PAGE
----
To press the Honduran government to comply with the precautionary measures granted by the IACHR on March 5 and provide immediate, effective, and carefully consulted protection to members of COPINH, members of Ms. Cáceres’ family, Mr. Castro and all witnesses in the case.

With this tragic loss, we join together to call for more systemic change. We ask that the State Department make clear to the Honduran government that future partnership and funding depends on demonstrating the political will to investigate and prosecute this crime and all crimes against human rights defenders. The Honduran government must make the mechanism for protection of human rights defenders, journalists, media workers and justice operators fully operational and adequately funded, with protection measures consulted with beneficiaries. It must guarantee freedom of expression, including by ending harsh, constant repression of social protests, ensuring an immediate end to intimidating public statements by government officials and members of the military and police that place human rights defenders and journalists in danger, and ending specious prosecution of human rights defenders.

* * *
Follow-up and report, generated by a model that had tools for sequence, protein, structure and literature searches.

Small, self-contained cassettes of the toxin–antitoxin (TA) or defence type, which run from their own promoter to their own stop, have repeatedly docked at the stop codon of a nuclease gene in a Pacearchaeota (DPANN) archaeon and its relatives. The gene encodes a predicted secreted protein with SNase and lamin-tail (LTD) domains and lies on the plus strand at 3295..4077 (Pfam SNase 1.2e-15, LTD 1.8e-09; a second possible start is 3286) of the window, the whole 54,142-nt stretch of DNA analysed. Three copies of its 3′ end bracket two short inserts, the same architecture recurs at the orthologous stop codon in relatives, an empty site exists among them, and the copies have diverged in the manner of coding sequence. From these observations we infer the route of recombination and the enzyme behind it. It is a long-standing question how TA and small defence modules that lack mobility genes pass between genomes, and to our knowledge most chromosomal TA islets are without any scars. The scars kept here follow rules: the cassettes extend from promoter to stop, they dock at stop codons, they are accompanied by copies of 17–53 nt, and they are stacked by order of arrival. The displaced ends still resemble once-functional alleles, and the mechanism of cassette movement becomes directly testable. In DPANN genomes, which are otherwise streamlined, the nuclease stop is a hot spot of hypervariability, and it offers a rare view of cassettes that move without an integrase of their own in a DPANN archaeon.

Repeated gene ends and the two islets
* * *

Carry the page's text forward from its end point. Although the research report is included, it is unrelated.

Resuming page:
It is crucial that the Honduran government meet, as the IACHR has said, its "obligation of carrying out the prior, free, and informed consultation of indigenous people regarding projects underway on their land and territories and that affect their natural resources." We support Senator Patrick Leahy's call to abandon the Agua Zarca dam project and to protect the territory that Berta devoted her life to defending. The Honduran government should recognize that the pace and process by which it is facilitating the extraction and trade of natural resources by national and international investors is contributing to social conflict and human rights violations.